(Eschbach et al., 2020, Estacio-Gómez et al., 2020, Kondo et al., 2020, Alekseyenko et al., 2019, Deng et al., 2019, Dolan et al., 2019, Hamid et al., 2019, Khuong et al., 2019, Kong et al., 2019, Ni et al., 2019, Palavicino-Maggio et al., 2019, Rao and Deng, 2019.10.23, Shih et al., 2019, Dey and Ray, 2018, Fisher et al., 2017, Keleş and Frye, 2017, Kulkarni et al., 2017, Liao et al., 2017, Transgenic RNAi Project members, 2017-, Huang et al., 2016, Liu and Bossing, 2016, Pankova and Borst, 2016, Schlegel et al., 2016, Karuppudurai et al., 2014, Mauss et al., 2014, Selcho et al., 2014, Karsai et al., 2013, Pech et al., 2013, Yi et al., 2013, Sadananda et al., 2012, Zwarts et al., 2012, Hasegawa et al., 2011, Kahsai and Winther, 2011, Liu et al., 2011, Séjourné et al., 2011, Thum et al., 2011, Varija Raghu et al., 2011, Colodner and Feany, 2010, de Haro et al., 2010, Nicolaï et al., 2010, Pauls et al., 2010, Pauls et al., 2010, Doodhi et al., 2009, Johard et al., 2008, Kolodziejczyk et al., 2008, Vömel and Wegener, 2007, Ashraf et al., 2006, Baqri et al., 2006, Ramaekers et al., 2005, Yang and Kunes, 2004, Yasuyama, 2003, Yasuyama et al., 2003, Lee and Salvaterra, 2002, Malpel et al., 2002, Python and Stocker, 2002, Yasuyama et al., 2002, Lee et al., 2001, Salvaterra and Kitamoto, 2001, Yasuyama et al., 2001, Certel et al., 2000, Kitamoto et al., 2000, Yao et al., 2000, Bowman et al., 1999, Cole, 1999, Lee and O'Dowd, 1999, Ray et al., 1999, Yasuyama and Meinertzhagen, 1999, Yasuyama and Salvaterra, 1999, Kitamoto et al., 1998, Pahud et al., 1998, Kitamoto and Salvaterra, 1995, Kitamoto and Salvaterra, 1995, Kitamoto et al., 1995, Pahud et al., 1995, Raeber et al., 1995, Yasuyama et al., 1995, Salem et al., 1994, Salem et al., 1994, Sugihara, 1994.3.29, Sugihara, 1994.3.29, Sugihara, 1994.3.29, Sugihara, 1994.3.29, Sugihara, 1994.3.29, Sugihara, 1994.3.29, Sugihara, 1994.3.29, Sugihara, 1994.3.29, Sugihara, 1994.3.29, Sugihara, 1994.3.29, Sugihara, 1994.3.29, Sugihara, 1994.3.29, Sugihara, 1994.3.29, Sugihara, 1994.3.29, Wu and Hersh, 1994, Carbini and Hersh, 1993, Wu et al., 1993, Kitamoto et al., 1992, Salem and Eder-Colli, 1992, Salvaterra et al., 1991, Sugihara et al., 1991, Carbini et al., 1990, Salem et al., 1990)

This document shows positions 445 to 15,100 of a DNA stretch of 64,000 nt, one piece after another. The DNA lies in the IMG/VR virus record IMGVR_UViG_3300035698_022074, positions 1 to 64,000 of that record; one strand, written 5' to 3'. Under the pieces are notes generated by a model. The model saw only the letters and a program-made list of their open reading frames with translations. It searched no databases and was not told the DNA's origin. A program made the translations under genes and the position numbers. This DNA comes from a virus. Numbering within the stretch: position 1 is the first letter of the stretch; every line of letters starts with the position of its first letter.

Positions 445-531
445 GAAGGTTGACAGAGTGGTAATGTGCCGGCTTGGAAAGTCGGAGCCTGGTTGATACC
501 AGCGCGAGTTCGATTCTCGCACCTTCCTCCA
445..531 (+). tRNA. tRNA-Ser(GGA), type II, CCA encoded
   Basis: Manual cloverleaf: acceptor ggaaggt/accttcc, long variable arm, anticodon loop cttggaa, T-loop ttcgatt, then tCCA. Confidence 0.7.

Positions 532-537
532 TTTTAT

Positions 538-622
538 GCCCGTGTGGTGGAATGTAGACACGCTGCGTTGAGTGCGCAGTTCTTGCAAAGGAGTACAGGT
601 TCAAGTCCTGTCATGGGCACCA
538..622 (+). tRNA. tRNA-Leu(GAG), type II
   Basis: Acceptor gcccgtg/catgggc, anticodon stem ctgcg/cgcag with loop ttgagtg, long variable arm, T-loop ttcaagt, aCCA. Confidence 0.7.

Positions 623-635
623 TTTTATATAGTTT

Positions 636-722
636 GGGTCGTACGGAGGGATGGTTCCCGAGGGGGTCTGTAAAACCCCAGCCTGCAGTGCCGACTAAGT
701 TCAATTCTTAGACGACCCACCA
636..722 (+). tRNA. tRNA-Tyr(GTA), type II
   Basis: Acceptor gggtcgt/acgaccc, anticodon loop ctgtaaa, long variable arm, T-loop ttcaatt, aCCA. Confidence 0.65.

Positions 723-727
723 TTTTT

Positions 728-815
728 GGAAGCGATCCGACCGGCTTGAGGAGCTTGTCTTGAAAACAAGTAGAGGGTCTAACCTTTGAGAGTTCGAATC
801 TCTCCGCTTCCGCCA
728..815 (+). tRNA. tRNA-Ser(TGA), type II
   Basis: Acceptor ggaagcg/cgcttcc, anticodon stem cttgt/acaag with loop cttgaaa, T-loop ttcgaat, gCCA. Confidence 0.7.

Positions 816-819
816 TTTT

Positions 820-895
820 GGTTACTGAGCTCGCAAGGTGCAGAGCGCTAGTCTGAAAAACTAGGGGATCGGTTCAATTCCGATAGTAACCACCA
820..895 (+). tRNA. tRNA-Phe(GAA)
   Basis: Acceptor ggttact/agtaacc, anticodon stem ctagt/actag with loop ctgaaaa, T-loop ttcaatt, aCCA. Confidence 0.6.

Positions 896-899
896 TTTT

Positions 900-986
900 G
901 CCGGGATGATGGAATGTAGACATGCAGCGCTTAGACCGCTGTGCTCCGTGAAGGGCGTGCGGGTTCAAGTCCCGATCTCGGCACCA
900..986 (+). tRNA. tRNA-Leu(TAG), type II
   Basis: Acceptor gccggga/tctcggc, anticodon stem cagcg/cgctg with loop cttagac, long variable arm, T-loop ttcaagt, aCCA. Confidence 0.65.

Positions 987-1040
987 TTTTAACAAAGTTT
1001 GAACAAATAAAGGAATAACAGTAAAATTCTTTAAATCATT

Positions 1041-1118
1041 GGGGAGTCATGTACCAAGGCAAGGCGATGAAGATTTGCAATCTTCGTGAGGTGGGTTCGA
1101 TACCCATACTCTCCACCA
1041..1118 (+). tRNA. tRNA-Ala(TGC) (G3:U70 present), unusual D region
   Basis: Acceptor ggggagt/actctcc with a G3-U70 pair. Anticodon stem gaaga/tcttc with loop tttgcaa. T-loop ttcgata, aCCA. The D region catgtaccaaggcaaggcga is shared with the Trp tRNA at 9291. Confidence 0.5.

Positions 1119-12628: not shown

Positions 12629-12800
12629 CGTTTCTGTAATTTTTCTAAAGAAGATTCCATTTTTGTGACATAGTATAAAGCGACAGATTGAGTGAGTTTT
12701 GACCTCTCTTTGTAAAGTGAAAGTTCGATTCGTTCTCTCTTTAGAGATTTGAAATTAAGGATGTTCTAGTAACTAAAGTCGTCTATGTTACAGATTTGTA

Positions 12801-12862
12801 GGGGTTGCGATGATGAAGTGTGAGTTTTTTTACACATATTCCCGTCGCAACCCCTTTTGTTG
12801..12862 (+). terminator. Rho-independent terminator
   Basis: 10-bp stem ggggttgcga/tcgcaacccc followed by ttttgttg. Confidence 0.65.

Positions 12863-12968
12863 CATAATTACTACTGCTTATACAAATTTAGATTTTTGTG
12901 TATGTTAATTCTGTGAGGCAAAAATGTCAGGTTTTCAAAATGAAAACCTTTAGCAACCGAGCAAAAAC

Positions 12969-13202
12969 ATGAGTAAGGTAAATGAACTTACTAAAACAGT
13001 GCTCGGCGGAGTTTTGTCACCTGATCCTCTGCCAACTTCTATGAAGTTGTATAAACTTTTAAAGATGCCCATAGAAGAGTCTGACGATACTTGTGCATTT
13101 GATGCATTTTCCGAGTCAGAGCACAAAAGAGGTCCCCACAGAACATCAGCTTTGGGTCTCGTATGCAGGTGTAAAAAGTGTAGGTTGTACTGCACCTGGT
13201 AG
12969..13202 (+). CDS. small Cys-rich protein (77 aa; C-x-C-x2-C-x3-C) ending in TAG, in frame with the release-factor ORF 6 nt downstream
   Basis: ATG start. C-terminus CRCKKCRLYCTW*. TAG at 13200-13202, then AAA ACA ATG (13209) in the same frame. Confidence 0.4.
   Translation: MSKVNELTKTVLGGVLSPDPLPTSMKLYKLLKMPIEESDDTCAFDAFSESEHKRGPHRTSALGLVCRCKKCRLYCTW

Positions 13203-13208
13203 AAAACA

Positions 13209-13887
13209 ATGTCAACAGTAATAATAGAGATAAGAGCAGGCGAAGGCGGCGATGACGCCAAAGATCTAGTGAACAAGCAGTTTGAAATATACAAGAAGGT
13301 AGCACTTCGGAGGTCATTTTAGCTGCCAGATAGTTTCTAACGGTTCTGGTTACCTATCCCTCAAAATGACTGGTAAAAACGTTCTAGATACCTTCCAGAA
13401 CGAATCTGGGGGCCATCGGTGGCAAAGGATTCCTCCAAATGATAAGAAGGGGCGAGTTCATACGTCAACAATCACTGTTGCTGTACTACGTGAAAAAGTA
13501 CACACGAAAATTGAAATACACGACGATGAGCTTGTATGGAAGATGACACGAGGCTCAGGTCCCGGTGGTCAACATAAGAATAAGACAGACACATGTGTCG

l(3)91Cc
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    • FBgn0064131